Ten years after founding What Works Network, an initiative to improve the use of social science data in the design and delivery of public services in the UK. Michael Sanders And Jonathan Brecon discuss their effectiveness and outline three ways to improve them in the future.
It’s been a decade since launch UK What Works Centers at Nesta as Treasury and Cabinet Ministers, and Executive Director of the ESRC. The idea behind these centers is very simple: to help busy decision makers access the best social science available about what works.
Ten years later, we have learned a lot, but much remains to be done. To celebrate success and face challenges, we have edited book featuring leaders and thinkers from across the web.
From what we have heard directly from the centers, we have learned that it is time to take a step back and think about the next steps. This has become even more urgent with the departure of a key leader, David Halpern, who ended his term as What Works National Cabinet Adviser in 2022, a post he has held since the centers launched in 2013.
Reflecting on the lessons learned from across the network, with book chapters provided by the leaders of most existing centers, we believe there are 3 broad areas that need to be addressed in order for the centers to continue to thrive in the future. This is data; strategic approach to growth; and cooperation.
1. Higher quality and useful data as standard
Richard Thaler, Nobel Laureate in Economics, said that “we can’t make policy based on facts without evidence.” We would add to this that “we cannot provide proof without data”.
That work centers can be most successful when it’s easy to measure the results they care about. Perhaps the greatest asset of the Education Support Fund is not its donation, but the huge amount of education data that exists in England and the fact that it is available to researchers, which allows us, for example, to understand Effects of educational interventions for young people with a social worker.
The UK Government has supported the creation of a series of datasets – a hospital episodes statistics dataset; the Longitudinal Educational Outcomes data set and others that are designed to transform research in the areas they cover, but more can be done first to collect more useful data as a standard and make it available for research.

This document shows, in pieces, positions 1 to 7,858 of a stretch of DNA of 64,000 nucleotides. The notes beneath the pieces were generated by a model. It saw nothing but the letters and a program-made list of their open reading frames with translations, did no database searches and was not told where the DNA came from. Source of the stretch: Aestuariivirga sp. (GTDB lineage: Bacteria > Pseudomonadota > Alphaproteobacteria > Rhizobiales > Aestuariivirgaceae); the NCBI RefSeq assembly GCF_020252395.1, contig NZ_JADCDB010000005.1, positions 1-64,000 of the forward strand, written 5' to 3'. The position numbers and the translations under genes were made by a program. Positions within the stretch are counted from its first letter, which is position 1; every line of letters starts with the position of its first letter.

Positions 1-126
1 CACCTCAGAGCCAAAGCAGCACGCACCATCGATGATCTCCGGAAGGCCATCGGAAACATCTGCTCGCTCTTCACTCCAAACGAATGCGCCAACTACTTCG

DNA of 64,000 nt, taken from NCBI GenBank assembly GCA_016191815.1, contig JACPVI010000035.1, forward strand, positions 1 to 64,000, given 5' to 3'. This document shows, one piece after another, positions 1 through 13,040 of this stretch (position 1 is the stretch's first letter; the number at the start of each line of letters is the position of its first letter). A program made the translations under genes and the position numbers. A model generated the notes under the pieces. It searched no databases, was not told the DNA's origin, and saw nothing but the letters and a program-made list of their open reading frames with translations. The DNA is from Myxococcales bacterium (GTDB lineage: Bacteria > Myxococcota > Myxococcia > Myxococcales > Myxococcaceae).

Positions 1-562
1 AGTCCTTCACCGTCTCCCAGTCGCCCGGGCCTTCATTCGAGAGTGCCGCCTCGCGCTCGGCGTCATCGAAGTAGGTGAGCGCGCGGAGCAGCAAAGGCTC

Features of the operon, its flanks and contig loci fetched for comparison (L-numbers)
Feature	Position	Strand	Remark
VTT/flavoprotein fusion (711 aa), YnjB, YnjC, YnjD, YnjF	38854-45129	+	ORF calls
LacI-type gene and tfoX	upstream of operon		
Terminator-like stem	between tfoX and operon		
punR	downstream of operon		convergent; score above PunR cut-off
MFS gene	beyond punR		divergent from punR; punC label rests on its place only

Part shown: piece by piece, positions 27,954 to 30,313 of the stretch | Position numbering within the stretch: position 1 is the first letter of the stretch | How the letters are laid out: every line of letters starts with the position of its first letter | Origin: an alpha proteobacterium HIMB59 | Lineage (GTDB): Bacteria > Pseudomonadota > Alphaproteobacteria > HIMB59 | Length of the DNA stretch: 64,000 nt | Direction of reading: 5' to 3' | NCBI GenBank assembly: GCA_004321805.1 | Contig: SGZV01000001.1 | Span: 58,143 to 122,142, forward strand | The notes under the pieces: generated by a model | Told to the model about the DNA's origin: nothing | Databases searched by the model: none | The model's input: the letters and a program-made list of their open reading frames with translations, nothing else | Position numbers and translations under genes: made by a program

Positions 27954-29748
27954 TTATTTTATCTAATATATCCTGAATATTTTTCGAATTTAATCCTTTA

2. More strategic approach
The What Works centers largely emerged independently, often in response to a minister’s agenda. Thus, the topography of the What Works network is an interesting observation.
What is done is done. Instead of reviewing the past, the government and other donors have the opportunity to look at new centers from a strategic perspective. Without wanting to create a different structure, the one we found useful for prioritizing projects within a single What Works Center can usefully be applied to the meta question here. This approach encourages us to focus on the “three Ms”;
- A lot of – how many people are affected by the policy area?
- adversity – when people experience negative results (or no positive ones), how bad is that?
- Money – how much is the government and others spending on it?
There are some policy areas where all three M’s apply – we could think about climate change, for example – but we don’t need to satisfy all three to consider an area worth building an evidence base.
3. Closer cooperation
We also see a need for greater collaboration between What Works centers. We proceed from the premise that “cooperation for the sake of cooperation” is undesirable and may even be counterproductive.
However, cross-center collaboration makes financial sense (how many different trials or systematic reviews, including Triple P or multisystem therapy, do we run?
Need? Or standards of proof?) and increasingly reflects how professionals on the front lines should behave, especially when working with young people. We need to create more opportunities and spaces for collaboration.
Take, for example, one of the greatest social problems of our time – inequality (one chapter of the book is devoted to it). Inequality is a problem that causes a lot of suffering for many people, and its economic consequences are as profound as the social ones. However, inequality is also a many-headed beast. It is only natural that any “Center for Equality That Works” will focus on education, employment and healthcare. By focusing on racial disparity, he may focus more on policing; if by sex, then by economic growth; and if sexuality and gender identity, then mental health or homelessness. Inequality is a problem that exists for All What Works Centers in policy areas where we are trying to make a difference; in the research we conduct and commission, and within our own organizations.
Using these opportunities to improve the network is of great importance. Without this, it is unclear whether the promise of evidence-based policymaking can ever be realised. As long as the centers operate in a siled, siled way and use expensive custom datasets, the network will fail to achieve the desired transformational change.
The content created on this blog is for informational purposes only. This article represents the views and opinions of the authors, but does not reflect the views and opinions of the Impact of Social Science blog (blog) or the London School of Economics and Political Science. Please see our comment policy if you have any concerns about posting a comment below.
Image credit: Sol via Unsplash.com.